The penetrator element 90 includes a generally cylindrical body 92 snugly slidingly received in the lateral bore leg 80 until its inner end 94 abuts the inner end of the lateral bore leg 80 and its outer end 96 lines inside the mouth of the lateral bore leg 80. The outer end 96 is shown provided with a standard male four-conductor arrangement of electrical connector pins 98 which project axially of the body 92 but laterally, e.g. horizontally of the tubing hanger. Near its inner end, and in axial alignment with the vertical bore leg 78, the penetrator element 90 is shown provided with a female four-conductor coaxial arrangement of tubular electrical contacts 100. Within the body, each pin 98 is electrically connected with a respective contact 100, e.g. by a respective wire 102. Electrical insulation is maintained among the several electrical paths 98, 102, 100 by making appropriate parts of electrically insulating material.
The penetrator element 88 includes a generally cylindrical body 104 snugly slidingly, upwardly received in the vertical bore leg 78 from the lower end. The upper end of the penetrator element 88 is shown provided with a male four conductor coaxial arrangement of tubular electrical contacts 106, which, when the penetrator elements 88, 90 are in place as shown, mate with the respective electrical contacts 100. In this sense, the penetrator element 88 sockets in or plugs into the penetrator element 90.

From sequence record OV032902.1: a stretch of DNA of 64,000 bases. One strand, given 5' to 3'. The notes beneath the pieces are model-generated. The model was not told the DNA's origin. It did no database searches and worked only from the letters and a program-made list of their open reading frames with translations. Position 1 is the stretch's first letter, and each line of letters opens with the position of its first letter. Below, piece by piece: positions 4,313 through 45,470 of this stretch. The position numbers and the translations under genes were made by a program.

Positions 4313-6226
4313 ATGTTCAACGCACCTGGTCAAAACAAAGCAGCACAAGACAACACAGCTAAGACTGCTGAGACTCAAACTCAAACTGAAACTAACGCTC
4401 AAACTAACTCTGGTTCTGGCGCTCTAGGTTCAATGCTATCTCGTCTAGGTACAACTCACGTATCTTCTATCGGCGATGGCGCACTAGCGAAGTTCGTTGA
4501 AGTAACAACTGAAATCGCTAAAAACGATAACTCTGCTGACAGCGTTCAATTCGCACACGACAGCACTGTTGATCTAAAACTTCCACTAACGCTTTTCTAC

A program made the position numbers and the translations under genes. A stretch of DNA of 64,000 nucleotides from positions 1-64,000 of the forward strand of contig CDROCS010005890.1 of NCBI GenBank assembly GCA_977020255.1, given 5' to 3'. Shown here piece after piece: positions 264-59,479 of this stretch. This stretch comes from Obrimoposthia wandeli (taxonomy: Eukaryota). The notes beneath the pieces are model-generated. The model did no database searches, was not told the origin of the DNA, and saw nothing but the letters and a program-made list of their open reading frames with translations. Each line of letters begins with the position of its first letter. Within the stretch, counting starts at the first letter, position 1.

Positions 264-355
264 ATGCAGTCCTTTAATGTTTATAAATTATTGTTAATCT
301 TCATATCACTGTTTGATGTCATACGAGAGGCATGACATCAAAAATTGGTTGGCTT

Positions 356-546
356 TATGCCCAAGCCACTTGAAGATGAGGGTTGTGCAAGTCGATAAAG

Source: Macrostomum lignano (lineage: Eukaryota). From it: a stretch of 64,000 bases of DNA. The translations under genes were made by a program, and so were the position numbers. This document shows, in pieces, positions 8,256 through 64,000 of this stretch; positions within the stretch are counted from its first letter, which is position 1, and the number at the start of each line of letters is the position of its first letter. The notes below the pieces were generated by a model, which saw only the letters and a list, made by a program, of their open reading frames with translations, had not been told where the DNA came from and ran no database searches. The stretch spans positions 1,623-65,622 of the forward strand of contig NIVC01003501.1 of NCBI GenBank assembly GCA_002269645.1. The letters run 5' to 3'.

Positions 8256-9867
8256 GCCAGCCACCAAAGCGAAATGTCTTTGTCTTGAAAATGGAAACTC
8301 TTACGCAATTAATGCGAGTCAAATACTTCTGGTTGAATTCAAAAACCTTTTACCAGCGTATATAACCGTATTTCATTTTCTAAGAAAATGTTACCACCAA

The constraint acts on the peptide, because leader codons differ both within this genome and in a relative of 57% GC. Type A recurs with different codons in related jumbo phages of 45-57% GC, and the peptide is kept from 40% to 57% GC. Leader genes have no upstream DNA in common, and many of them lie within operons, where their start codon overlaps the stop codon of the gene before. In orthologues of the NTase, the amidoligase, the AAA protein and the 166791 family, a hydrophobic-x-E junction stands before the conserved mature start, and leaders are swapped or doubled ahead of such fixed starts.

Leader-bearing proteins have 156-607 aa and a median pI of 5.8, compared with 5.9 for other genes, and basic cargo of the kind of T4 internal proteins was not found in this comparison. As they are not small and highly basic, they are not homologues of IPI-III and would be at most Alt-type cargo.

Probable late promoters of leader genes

The lower end of the body 104 is radially relieved somewhat, so that the inserted penetrator element 88 may be followed in the bore leg 78 by a coaxially tubular assembly of packing 108. The packing 108 is axially compressed and radially expanded into a sealing relation between the vertical bore leg 78 and the body 104 by threading a coaxial packing gland 110 into the lower end of the vertical bore leg 78, for which purpose wrenching lugs 112 are provided on the gland 110.
The lower end 113 of the body 88 lies accessable at the lower end of the hanger, and is provided with a connector 114, which is of the possibly standard type for mechanically and electrically mating with the connector 74. Within the body 88, each electrical contact 106 is electrically connected with a respective pin, socket or the like (not shown) at the penetrator element lower end 113, e.g. by a respective wire 116. Electrical insulation is maintained among the several electrical paths by making appropriate parts of electrically insulating material. External threading is shown at 118 for making a mechanical connection between the penetrator element 88 and the connector 74 provided at the upper end of the portion of the electrical cable 72 that extends down within the well.